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The Physiologus is a didactic text written or compiled in Greek by an unknown author, in Alexandria; its composition has been traditionally dated to the 2nd century AD by readers who saw parallels with writings of Clement of Alexandria, who is asserted to have known the text, though Alan Scott[1] has made a case for a date at the end of the third or in the 4th century. The Physiologus consists of descriptions of animals, birds, and fantastic creatures, sometimes stones and plants, provided with moral content. Each animal is described, and an anecdote follows, from which the moral and symbolic qualities of the animal are derived. Manuscripts are often, but not always, given illustrations, often lavish.

The book was translated into Latin in about 700[2], and into Ethiopic and Syriac, then into many European and Middle-Eastern languages, and many illuminated manuscript copies such as the Bern Physiologus survive. It retained its influence over ideas of the "meaning" of animals in Europe for over a thousand years. It was a predecessor of bestiaries (books of beasts). Medieval poetical literature is full of allusions that can be traced to the Physiologus tradition; the text also exerted great influence on the symbolism of medieval ecclesiastical art: symbols like those of the phoenix rising from its ashes and the pelican feeding her young with her own blood are still well-known.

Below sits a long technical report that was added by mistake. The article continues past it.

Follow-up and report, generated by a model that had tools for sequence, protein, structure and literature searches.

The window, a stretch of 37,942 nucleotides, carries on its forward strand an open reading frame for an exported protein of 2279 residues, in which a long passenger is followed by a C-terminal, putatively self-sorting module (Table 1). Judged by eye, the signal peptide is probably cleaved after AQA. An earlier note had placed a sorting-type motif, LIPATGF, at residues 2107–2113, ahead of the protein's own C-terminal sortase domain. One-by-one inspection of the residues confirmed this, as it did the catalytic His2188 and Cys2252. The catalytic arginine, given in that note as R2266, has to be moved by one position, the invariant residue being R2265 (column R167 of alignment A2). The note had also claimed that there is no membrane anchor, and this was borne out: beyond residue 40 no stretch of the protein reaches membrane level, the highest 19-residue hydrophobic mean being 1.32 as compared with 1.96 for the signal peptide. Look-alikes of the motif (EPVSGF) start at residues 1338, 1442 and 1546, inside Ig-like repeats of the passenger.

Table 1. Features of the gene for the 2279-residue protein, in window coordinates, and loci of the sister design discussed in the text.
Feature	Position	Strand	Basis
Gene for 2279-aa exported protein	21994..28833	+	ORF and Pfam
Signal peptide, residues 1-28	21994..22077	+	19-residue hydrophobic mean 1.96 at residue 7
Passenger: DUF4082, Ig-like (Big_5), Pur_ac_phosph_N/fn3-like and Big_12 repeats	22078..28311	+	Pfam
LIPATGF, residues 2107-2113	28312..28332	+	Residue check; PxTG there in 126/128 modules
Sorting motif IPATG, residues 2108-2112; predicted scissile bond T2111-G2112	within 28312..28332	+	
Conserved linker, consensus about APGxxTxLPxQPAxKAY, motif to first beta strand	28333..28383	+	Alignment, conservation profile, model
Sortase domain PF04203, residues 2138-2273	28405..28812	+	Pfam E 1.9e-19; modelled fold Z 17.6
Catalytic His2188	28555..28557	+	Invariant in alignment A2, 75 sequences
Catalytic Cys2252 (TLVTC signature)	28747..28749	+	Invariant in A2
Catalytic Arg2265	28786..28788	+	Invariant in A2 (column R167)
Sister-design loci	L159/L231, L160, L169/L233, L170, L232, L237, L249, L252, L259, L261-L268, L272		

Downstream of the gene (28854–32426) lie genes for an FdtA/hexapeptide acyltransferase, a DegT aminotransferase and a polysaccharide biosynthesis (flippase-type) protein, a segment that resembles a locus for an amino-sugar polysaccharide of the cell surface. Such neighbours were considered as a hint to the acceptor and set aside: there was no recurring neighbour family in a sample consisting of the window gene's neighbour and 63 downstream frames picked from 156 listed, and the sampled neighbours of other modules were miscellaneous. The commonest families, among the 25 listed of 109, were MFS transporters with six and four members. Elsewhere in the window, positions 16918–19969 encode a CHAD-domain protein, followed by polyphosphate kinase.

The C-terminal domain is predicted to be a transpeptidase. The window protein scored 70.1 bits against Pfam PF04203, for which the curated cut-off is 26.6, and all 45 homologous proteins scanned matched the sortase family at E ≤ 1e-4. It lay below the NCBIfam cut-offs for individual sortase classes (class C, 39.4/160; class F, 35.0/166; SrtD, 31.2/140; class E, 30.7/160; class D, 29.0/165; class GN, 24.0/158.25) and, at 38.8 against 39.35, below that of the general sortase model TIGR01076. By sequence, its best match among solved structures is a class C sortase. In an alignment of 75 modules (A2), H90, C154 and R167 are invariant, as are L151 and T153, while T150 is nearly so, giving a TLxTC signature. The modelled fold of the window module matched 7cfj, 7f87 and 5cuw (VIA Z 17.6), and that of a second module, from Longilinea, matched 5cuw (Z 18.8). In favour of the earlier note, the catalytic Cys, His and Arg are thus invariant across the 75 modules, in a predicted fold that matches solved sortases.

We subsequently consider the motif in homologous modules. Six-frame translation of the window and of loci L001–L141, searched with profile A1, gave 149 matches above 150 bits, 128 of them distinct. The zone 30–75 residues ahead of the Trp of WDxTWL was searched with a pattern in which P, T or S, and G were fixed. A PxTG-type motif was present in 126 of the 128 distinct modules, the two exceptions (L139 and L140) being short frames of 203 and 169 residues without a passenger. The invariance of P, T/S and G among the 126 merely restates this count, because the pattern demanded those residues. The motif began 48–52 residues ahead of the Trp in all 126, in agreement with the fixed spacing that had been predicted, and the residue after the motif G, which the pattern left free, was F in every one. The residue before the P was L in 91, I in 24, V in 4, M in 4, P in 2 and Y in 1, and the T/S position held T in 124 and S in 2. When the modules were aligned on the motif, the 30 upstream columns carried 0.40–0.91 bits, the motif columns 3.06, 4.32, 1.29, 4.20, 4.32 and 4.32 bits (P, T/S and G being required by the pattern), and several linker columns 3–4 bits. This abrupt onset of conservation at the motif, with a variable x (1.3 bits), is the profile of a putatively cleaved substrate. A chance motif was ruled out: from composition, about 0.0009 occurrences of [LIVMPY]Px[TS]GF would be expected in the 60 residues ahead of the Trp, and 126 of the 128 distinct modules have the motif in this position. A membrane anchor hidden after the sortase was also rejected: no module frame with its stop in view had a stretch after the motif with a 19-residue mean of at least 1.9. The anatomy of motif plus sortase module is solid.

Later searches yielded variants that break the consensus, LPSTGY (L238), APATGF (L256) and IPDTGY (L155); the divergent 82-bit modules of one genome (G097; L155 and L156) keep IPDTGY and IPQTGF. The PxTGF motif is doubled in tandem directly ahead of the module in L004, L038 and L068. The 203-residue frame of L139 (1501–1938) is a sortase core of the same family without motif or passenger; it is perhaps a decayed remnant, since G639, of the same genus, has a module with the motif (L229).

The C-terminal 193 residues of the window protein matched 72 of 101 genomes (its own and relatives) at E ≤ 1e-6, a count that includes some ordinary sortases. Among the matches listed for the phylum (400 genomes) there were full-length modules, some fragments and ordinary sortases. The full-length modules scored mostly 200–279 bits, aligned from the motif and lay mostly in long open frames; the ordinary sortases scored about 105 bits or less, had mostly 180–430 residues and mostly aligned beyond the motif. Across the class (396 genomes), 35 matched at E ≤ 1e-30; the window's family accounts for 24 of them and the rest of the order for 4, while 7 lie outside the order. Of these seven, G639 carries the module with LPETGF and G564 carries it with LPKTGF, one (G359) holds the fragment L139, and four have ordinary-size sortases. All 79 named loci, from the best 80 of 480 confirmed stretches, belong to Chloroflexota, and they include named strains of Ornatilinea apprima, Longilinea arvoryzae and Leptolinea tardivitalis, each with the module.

Allegorical stories

The story is told of the lion whose cubs are born dead and receive life when the old lion breathes upon them, and of the phœnix which burns itself to death and rises on the third day from the ashes; both are taken as types of Christ. The unicorn also which only permits itself to be captured in the lap of a pure virgin is a type of the Incarnation; the pelican that sheds its own blood in order to sprinkle its dead young, so that they may live again, is a type of the salvation of mankind by the death of Christ on the Cross.

Some allegories set forth the deceptive enticements of the Devil and his defeat by Christ; others present qualities as examples to be imitated or avoided.


Physiologus is not an original title;[3] it was given to the book because the author introduces his stories from natural history with the phrase: "the physiologus says", that is, the naturalist says, the natural philosophers, the authorities for natural history say.

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